Airplane! 40th Anniversary Retrospective
A staple of 1970’s cinema was the star-filled disaster films. Films like: the Swarm, Towering Inferno, Earthquake, and relevant to this retrospective, the Airport franchise, were major hits for Hollywood. Throwing an all-star cast into grand chaotic situations proved to be big box office draws. All the while three screenwriters/directors wondered if they could put their own stamp on this trend and in 1980 they did, and it was a very silly, silly stamp. Their movie, Airplane! has gone on to become renowned as one of the great masterpieces of comedy. The legacy this classic has left is set in cinematic stone. Upon it’s release The American Film Institute ranked it at 2nd in their list of the greatest comedies. In 2010 it was listed on the National Registry due to its incredible importance to our nation’s film heritage. It easily carved out a spot in the historic Empire magazine ranking of the 500 greatest films of all time. Most importantly even until this day new generations of movie lovers have fallen in love with Airplane! continuing its legacy even four decades after its release.
While trying to win back the love of his life, Elaine, troubled pilot Stryker ends up on the flight she is working on. While in the air every single person who ate the fish option for dinner comes down with a severe foodborne illness…..including the flight crew! This leaves Stryker as the only person on the entire flight with the experience needed to land this plane safely. While this all sounds like the plot of a thriller, it is executed in a way that is pure hilarious lunacy. Somehow the jokes range from low brow to highly intelligent and everything in between.
The key element which sets Airplane! apart from so many other parody films which followed, is the fact that it truly follows a set narrative rather than simply rushing the viewer from one gag to another. The trio responsible for the film, David Zucker. Jim Abrams, and Jerry Zucker, known as Zucker-Abrams-Zucker, took inspiration from a low budget Dana Andrews film called Zero Hour!. The three men based their own screenplay on this film they found unintentionally hilarious, and at some points even lifted straight lines of dialogue from the flick. Some filmmakers strive to make one scene or line their work which becomes remembered, but these three crafted a hit parade of moments movie fans still love. From Barbara Billingsley speaking jive to the blow-up doll co-pilot to Kareem Abdul-Jabar as a flight navigator to all of the vices Lloyd Bridges picked today to quit and so many other moments along the way all of these gags have become classic pieces of cinema. The resulting comedy masterpiece launched the careers of the trio. Before this they were the guys responsible for the criminally underrated Kentucky Fried Movie, but afterwards they were the talk of Hollywood. Over the years they would respectfully work on films like: Hot Shots and the Naked Gun which also followed the satirical blueprint they originally laid out.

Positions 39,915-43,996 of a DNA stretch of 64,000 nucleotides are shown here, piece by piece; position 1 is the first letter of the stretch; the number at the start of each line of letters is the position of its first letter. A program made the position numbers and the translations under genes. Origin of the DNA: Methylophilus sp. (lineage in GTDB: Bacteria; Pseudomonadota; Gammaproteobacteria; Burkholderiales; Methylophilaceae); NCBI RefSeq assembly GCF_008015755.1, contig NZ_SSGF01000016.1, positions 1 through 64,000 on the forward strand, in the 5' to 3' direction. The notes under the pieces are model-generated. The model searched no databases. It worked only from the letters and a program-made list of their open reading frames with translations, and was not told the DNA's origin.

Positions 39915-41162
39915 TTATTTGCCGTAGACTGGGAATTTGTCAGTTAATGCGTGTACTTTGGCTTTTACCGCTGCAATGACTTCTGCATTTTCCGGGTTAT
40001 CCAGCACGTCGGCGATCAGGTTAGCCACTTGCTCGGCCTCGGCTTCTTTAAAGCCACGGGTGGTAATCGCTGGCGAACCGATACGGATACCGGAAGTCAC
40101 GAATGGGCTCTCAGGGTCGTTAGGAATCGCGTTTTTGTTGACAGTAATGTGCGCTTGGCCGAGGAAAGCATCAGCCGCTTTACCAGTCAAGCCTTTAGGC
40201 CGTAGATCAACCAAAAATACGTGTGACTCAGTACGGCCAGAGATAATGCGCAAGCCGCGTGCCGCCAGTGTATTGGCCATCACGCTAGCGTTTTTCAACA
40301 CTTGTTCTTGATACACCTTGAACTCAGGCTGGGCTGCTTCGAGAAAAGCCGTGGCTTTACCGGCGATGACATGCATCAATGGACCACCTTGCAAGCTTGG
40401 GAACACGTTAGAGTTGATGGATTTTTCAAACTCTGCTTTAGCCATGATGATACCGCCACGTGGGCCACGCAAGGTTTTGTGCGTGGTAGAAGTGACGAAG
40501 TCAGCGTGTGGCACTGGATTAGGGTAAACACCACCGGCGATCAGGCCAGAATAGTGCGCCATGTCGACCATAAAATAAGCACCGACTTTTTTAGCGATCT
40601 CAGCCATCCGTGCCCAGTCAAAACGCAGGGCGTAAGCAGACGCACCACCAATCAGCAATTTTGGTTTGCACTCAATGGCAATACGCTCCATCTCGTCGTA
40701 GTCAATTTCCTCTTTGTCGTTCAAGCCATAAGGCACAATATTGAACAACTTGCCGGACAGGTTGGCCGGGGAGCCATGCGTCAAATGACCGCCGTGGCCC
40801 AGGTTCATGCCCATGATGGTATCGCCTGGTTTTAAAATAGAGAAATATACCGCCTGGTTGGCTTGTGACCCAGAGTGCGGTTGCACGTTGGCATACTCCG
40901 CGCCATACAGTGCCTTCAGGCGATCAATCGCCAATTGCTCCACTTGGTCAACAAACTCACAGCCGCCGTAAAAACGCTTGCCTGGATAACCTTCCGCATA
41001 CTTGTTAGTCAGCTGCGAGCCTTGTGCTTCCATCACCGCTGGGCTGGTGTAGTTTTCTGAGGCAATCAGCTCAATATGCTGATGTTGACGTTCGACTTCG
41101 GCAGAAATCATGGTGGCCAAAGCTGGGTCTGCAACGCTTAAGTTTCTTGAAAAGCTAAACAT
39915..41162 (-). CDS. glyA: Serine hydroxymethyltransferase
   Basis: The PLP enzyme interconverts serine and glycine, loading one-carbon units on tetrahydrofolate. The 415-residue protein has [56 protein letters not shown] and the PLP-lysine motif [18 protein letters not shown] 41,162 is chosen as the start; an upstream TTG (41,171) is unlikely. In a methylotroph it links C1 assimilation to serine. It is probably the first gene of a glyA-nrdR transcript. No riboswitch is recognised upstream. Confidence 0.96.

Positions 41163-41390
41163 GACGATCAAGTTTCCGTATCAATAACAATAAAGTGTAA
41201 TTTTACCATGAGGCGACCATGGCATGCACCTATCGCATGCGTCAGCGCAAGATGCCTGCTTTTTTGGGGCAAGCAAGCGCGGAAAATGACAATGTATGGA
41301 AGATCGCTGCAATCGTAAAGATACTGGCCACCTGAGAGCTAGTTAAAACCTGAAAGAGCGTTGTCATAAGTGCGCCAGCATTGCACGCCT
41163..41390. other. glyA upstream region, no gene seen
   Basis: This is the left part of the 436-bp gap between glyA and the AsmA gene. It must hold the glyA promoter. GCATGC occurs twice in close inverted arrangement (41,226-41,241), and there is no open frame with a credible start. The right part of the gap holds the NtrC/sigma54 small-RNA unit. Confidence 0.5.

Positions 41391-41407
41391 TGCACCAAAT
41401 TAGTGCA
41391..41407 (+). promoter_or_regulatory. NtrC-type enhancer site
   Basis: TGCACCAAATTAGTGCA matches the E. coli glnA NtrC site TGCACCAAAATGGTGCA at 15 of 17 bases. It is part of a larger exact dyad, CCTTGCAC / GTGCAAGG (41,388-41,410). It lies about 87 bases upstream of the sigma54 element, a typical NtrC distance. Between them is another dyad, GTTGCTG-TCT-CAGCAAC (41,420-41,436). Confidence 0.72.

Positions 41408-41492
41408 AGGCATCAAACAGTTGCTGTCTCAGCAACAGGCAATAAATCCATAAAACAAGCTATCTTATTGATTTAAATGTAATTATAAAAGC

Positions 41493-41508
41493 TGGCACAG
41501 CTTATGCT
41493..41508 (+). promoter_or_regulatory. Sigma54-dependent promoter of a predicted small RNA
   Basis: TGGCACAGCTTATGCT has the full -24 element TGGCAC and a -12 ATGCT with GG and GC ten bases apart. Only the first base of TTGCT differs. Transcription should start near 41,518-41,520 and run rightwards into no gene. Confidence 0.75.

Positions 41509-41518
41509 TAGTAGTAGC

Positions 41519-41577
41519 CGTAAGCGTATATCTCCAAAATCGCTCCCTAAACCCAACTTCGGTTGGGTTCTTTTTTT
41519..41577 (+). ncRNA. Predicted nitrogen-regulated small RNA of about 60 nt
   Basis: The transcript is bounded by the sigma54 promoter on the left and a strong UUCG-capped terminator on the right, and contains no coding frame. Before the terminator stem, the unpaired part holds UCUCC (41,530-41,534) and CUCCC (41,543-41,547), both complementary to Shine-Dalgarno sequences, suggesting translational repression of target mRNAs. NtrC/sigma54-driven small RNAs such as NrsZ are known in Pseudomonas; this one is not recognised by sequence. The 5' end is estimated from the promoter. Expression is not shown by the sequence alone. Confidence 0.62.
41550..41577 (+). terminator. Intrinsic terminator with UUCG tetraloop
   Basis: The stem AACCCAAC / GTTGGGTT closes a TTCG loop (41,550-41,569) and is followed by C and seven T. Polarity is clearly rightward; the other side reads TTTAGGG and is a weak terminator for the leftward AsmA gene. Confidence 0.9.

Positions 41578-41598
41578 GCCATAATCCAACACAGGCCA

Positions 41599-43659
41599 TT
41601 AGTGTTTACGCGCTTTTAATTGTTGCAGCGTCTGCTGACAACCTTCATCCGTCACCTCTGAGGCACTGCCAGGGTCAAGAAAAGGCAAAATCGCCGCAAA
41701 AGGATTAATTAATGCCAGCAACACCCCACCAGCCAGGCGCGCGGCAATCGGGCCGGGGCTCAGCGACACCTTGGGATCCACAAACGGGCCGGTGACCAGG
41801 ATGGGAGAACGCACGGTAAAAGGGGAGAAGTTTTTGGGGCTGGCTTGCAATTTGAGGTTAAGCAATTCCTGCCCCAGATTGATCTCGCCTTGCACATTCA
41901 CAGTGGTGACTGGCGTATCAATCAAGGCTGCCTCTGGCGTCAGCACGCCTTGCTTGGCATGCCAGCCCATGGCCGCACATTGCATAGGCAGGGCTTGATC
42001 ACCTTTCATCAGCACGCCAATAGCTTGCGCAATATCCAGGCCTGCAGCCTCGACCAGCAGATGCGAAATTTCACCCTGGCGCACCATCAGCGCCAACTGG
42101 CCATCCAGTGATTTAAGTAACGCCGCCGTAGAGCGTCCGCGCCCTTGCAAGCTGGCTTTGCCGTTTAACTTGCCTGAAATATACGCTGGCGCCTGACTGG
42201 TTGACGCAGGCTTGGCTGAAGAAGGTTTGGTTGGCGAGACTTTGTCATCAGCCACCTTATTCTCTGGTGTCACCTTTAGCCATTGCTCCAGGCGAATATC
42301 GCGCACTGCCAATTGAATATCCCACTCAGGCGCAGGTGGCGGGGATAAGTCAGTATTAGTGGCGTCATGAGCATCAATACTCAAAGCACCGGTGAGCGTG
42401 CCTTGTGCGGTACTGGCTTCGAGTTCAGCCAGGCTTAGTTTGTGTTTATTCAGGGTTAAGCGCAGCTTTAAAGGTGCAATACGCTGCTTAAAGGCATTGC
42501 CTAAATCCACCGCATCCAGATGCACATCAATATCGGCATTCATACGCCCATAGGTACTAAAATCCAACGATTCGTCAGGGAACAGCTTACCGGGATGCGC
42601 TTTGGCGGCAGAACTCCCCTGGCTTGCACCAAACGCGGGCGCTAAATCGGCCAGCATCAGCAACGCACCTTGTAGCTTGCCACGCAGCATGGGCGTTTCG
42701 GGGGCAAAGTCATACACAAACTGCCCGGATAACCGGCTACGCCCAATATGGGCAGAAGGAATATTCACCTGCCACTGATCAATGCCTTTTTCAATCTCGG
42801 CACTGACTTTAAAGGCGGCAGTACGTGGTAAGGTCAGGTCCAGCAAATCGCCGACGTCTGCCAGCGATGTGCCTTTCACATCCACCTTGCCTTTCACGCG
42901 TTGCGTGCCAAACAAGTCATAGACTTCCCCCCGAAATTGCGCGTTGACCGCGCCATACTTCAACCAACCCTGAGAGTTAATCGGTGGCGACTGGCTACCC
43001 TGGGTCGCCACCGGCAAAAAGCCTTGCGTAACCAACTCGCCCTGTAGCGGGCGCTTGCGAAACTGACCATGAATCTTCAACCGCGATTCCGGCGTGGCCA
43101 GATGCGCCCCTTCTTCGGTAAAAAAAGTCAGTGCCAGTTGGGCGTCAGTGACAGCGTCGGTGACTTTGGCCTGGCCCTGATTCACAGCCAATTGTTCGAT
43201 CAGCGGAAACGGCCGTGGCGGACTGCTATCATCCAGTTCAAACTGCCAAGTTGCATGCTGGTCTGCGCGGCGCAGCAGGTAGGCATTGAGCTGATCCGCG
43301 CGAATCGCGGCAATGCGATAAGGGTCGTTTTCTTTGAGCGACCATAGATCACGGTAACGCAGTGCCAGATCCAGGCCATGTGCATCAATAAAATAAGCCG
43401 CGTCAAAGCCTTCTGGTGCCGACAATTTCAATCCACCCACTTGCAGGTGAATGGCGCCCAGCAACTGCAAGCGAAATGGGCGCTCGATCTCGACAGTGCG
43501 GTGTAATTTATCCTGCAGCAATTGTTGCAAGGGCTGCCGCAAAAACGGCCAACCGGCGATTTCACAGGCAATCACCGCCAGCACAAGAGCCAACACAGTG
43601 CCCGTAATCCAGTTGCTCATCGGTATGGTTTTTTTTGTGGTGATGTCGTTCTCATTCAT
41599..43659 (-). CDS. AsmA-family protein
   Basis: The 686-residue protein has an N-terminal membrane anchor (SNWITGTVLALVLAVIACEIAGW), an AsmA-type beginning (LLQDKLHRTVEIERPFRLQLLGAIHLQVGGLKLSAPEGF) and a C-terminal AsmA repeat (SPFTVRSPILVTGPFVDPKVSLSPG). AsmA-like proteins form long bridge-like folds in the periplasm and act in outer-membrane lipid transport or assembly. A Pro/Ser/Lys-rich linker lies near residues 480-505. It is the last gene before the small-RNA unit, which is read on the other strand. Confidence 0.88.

One of the jokes which sadly does not translate to modern audiences is the casting. Modern viewers are already accustomed to the like of Leslie Nielsen and Lloyd Bridges as comedic actors, but at the time these men were viewed as serious dramatic actors by moviegoers. So for audiences of the era seeing the likes of Nielsen and Bridges along with Robert Stack and Peter Graves in these ridiculous situations was part of the gonzo fun of it all. Adding to the fact that these men played their roles super straight only made it better. Of course Nielsen’s performance was nothing short of a game changer as the veteran actor revealed awe-inspiring comedic chops. Over the years, many who have worked with the man knew of this skill but Airplane! was the first time we as an audience got to see it.
Despite the fact the grand disaster films this classic satirized rarely pop-up onscreen anymore, and many of the pop culture references are outdated, the jokes from Airplane! still land. The strength of the humor from Zucker, Abrams, and Zucker is timeless in a way which will always hold up. From the sharp dialogue filled with memorable lines (“I am serious, and don’t call me Shirley”) to the grand absurd visual gags (Stryker and Elaine doing their Saturday Night Fever best). This demonstrates the lasting appeal of this film.
When it was released Airplane! made an immediate impact with fans and critics who showered the game-changer with praise. Not only did it conquer the box office making $158 million dollars (adjusted for inflation) against a budget of around $3.5 million. Zucker, Abrams, and Zucker received both BAFTA and Golden Globe nominations for their screenplay. That is to say nothing of the legacy the film left which is still being felt to this day.